One big player in the Charleston culinary scene, Sean Brock, executive chef and owner of Husk, took home the James Beard award for “Best Chef in the Southeast” in 2010. A year later, Bon Appétit named Husk the “Best New Restaurant in America.” Most recently, Brock was a finalist for the James Beard “Outstanding Chef” award for 2013—and a semifinalist in 2014.
“The city also has many ‘hidden gems’ such a the small local restaurants out by Folly Beach, like Taco Boy,” Blumenstock said. “Another gem, the Wreck in Mt. Pleasant, is housed in what looks like a wrecked boat that serves some really great seafood, and the Tattooed Moose’s famous duck confit club and French fries cooked in duck fat was featured on Guy Fieri’s Drive-Ins, Diners and Dives on the Food Network.”
Downtown, other interesting eateries include the Cru Café and Butcher & Bee. Blumenstock is also high on the city’s craft beer scene and boutique breweries such as Palmetto, Westbrook, Coast, Frothy Beard and Holy City. Charleston comes by its sanctimonious nickname perhaps by virtue of the prominence of churches on the low-rise cityscape and perhaps for the fact that Carolina was among the few original colonies to provide toleration for all religions, though it was not open to Roman Catholics.
One of Charleston’s unique things to do is its carriage ride lottery system. To help make sure the mules and carriages don’t congregate in the same area and tie up traffic, the driver pulls up to a booth at the beginning of a tour and gets a small ball that designates one of three routes he should take.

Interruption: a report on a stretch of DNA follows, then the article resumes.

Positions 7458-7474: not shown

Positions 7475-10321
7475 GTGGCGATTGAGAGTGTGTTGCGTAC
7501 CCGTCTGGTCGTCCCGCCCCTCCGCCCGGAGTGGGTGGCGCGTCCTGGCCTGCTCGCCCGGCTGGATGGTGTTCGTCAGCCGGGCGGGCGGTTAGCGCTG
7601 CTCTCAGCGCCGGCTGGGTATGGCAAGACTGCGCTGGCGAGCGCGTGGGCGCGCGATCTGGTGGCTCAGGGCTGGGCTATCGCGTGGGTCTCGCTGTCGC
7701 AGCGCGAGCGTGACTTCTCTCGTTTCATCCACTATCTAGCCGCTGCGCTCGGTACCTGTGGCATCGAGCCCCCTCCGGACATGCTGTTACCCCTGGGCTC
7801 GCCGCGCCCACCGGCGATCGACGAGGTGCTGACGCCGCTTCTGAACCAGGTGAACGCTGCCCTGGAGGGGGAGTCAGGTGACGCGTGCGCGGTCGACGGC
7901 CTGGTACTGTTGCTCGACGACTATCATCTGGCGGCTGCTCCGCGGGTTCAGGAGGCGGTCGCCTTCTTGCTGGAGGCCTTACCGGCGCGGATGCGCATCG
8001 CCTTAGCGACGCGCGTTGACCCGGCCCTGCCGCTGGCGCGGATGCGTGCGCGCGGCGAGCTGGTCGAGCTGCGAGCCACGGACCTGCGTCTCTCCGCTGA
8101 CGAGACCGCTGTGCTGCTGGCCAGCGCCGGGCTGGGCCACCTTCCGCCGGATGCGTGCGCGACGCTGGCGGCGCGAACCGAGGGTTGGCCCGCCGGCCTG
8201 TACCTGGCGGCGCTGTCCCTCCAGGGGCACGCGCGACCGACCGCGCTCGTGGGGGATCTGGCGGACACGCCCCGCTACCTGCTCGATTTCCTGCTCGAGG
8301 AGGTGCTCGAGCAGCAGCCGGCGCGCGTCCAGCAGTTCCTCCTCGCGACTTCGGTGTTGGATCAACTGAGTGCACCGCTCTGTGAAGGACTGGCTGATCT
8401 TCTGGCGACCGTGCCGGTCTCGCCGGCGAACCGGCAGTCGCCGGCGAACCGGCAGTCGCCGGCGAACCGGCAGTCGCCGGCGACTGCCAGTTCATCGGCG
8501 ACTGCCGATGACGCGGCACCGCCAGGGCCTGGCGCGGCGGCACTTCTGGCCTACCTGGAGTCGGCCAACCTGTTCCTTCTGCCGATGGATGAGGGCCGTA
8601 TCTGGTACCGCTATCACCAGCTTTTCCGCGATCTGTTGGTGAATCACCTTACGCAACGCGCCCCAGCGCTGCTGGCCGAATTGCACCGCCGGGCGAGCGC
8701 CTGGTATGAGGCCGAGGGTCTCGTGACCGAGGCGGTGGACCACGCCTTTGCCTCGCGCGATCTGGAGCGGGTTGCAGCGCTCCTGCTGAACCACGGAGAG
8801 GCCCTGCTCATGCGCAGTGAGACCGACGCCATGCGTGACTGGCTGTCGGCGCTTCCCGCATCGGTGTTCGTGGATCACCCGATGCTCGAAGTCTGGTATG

“A benefit for the rider is that they may get to take a different route each time they take a tour,” Blumenstock said.
While April is high season when accommodations are harder to come by, spring and fall are the major “blooming seasons” when the bulk of house and garden tours are offered, temperatures are more temperate and the humidity is lower.
“Winter is very mild in Charleston,” Blumenstock said. “”Since I arrived here in 1994, it snowed only about ten times, and it doesn’t last long when it does fall. I even remember golfing on New Year’s Day one year.”
I had my own high season experience when I had a difficult time getting a B & B at the end of April. I managed to reserve a room at the Cannonboro Inn (800-235-8039) for two nights but had to find another place to stay for night three. After phoning around, I discovered that some of the properties in Mt. Pleasant, just across the lofty Arthur Ravenal, Jr. Bridge, had openings. I enjoyed my third night stay at a new Red Roof Inn (843-884-1411), conveniently located just 4.29 miles from center city.
“Tourism is a number one industry, not only in Charleston, but also in the state, with its destinations like Greenville, Hilton Head, Myrtle Beach and Columbia, the state capital,” said Blumenstock. “Charleston has a great airport to get people here. Southwest flies direct to cities like Nashville, BWI, Chicago and Houston. Delta does the same to Atlanta, and US Airways flies direct to Charlotte, Philadelphia and Washington. Our airport is currently undergoing a $206 million renovation. When completed in September 2015, the new design will be open and airy and have a Charleston look and feel.”
With all its charms, Charleston has achieved Hall of Fame status for having appeared among the top ten in the list of Top Cities in the United States and Canada for at least the past ten years. Previously, the CVB has created entire marketing campaigns surrounding the awards. This year, they did a special promotion with Travel + Leisure in New York the day of the World’s Best Awards dinner yesterday, on July 24, in which they gave away bowties with the tagline “Tie one on for Charleston.”
For more information on Charleston, phone 800-774-0006 or explorecharleston.com.